Jayne Charnock

sick in bed today :( blurgh!!!!

Favourite Thing: My favourite thing is getting experiments to work and then telling everybody about it! Science is tricky and it sometimes feels like the fairies come and tamper with things in the night, but once in a while everything goes to plan and I feel an enormous sense of achievement, especially when I’ve found out something that could have a big impact on someone else’s quality of life. Thats the most important thing to me and sharing it with others, both in research and in my ‘real life’ is great!



Ormskirk Grammar School (1995-2002)


The University of Manchester (2002-2010) BSc(hons) Anatomical Sciences; PhD Medicine

Work History:

From cleaning toilets to working behind bars I’ve done it all! But by far the most rewarding is doing research!


The University of Manchester

Current Job:

Post-doctoral Research Associate

Me and my work

I’m a stem cell biologist that loves working at the clinical interface – I work in a lab but always have one eye on how my research could be used therapeutically!

I work at The University of Manchester and have spent virtually my whole research career here, from undergraduate student, to PhD student, to my first job as a ‘post-doc’. For my PhD I was based in the maternity hospital in Manchester and indulged in the gory fun of placental biology! I researched placental stem cells and how they are vital to forming the blood vessels in the placenta. Having enough well formed vessels is really important so that the baby can receive all the nutrients it needs from mum, otherwise it will not grow appropriately and this can lead to all sorts of problems, even later in life when they are in their 40s! myimage3 Now I work on wound healing, and how bone marrow stem cells are involved in the cleaning up and repair of skin wounds. I’m really interested in diabetic wounds, because these often dont heal properly and are the leading cause of amputation in the developed world today. 15% of all diabetics will at some point suffer such a wound and so its very important that we try and find out WHY the healing goes wrong and HOW we can make it better.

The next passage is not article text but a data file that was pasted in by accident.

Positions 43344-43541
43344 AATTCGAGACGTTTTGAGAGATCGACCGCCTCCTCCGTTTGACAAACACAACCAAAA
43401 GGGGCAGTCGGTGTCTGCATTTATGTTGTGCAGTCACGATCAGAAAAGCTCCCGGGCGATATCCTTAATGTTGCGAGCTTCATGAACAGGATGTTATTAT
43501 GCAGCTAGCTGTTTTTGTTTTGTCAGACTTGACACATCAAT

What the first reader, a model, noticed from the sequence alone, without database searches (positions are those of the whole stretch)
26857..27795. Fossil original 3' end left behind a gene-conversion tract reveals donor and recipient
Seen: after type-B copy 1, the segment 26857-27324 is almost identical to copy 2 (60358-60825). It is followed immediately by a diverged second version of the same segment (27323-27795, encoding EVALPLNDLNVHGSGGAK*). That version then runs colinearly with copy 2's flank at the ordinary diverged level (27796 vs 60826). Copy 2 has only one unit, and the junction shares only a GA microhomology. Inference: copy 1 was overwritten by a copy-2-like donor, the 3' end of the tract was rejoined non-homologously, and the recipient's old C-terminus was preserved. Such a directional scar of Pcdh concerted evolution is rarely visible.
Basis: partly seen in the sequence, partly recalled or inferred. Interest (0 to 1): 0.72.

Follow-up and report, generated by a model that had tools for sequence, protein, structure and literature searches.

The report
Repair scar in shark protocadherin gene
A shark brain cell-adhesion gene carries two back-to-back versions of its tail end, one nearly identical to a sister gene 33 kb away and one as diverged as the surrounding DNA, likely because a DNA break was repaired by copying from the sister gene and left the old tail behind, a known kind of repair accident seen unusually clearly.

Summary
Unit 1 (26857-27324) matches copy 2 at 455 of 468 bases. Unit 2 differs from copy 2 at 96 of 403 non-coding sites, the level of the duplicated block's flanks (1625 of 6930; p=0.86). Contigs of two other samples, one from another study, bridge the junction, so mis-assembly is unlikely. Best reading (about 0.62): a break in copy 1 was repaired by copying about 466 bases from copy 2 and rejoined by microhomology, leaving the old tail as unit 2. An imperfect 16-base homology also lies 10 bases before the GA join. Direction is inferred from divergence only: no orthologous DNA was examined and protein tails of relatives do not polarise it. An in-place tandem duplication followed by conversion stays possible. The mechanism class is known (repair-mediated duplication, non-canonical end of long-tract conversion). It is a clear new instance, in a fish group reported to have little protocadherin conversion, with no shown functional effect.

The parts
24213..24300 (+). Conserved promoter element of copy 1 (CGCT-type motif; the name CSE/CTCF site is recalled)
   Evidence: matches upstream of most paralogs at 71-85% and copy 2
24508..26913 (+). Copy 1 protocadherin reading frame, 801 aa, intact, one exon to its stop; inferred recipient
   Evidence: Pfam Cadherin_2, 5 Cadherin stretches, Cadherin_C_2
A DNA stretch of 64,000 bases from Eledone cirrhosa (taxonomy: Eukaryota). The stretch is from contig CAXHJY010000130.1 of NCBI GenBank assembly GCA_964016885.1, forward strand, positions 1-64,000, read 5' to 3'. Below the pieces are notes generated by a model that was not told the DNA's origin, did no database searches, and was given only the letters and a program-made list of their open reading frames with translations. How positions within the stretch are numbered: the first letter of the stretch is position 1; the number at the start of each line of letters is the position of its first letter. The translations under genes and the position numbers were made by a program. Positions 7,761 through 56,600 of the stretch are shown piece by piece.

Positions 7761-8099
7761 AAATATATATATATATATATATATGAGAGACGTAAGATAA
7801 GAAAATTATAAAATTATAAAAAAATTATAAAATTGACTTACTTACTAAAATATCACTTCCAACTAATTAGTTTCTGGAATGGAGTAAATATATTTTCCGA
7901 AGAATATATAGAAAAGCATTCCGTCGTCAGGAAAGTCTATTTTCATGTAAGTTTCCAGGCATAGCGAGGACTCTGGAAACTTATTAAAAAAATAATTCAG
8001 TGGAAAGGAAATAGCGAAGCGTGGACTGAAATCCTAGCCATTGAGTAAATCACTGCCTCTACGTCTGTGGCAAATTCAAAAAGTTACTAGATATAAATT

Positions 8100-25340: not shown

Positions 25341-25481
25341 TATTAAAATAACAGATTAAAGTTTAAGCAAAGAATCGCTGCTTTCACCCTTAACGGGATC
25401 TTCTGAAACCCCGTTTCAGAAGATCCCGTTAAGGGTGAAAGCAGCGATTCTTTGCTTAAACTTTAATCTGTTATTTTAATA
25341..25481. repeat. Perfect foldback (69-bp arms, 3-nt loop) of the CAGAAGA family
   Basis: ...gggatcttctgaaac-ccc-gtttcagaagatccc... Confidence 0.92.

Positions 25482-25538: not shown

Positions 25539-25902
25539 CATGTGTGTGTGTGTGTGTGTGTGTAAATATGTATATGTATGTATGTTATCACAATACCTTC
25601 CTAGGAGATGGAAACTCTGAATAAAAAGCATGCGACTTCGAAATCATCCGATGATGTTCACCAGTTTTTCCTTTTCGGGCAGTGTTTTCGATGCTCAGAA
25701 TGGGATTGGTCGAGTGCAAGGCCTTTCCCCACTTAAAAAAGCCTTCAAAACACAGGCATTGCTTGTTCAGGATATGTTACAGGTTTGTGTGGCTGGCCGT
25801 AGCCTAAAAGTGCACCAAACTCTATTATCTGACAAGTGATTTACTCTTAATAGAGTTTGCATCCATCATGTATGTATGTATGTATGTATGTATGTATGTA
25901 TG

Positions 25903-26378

My Typical Day

A typical day is a crazy mix of excitment, frustration, problem-solving and sometimes celebration!

I love my job because its so variable- some days I will spend the whole day in my lab coat carrying out experiments and teaching students, whilst others I will spend managing my technician, delivering talks, attending workshops and preparing written work to be published. I’m very fortunate to have such a flexible role, and I think the fact that I plan what I want to do with my own day/week/year is just fab! Then I go home and either run climbing sessions for my local Scouts, go training with my running club or crash out and watch Corrie! myimage2

What I'd do with the money

I like to spend more time running public engagement sessions in primary schools, so additional resources for making them more interactive would be great

My Interview

How would you describe yourself in 3 words?

Coffee-drinking, moutain-climbing, lab-coat-wearer!

Who is your favourite singer or band?

At the moment I’m listening to alot of the Chilli Peppers in the lab but thats because I haven’t uploaded new stuff to my iPod in a while

What is the most fun thing you've done?

I enjoy mountaineering and once spent a summer in Greenland where I climbed 3 unclimbed peaks and got to name them!

If you had 3 wishes for yourself what would they be? - be honest!

What did you want to be after you left school?

A doctor- my A-level grades weren’t good enough so I decided I’d do biology first, then medicine. Then I got hooked on research and the rest is history…..!

Were you ever in trouble in at school?

I was a total goody-two-shoes I’m afraid. I’m doing my best to make up for it now though!

What's the best thing you've done as a scientist?

Going to international conferences- I’ve been all over from Austria to San Diego, and once all the talks are finished I always take the opportunity to explore

Tell us a joke.

Biology always seems to grow on you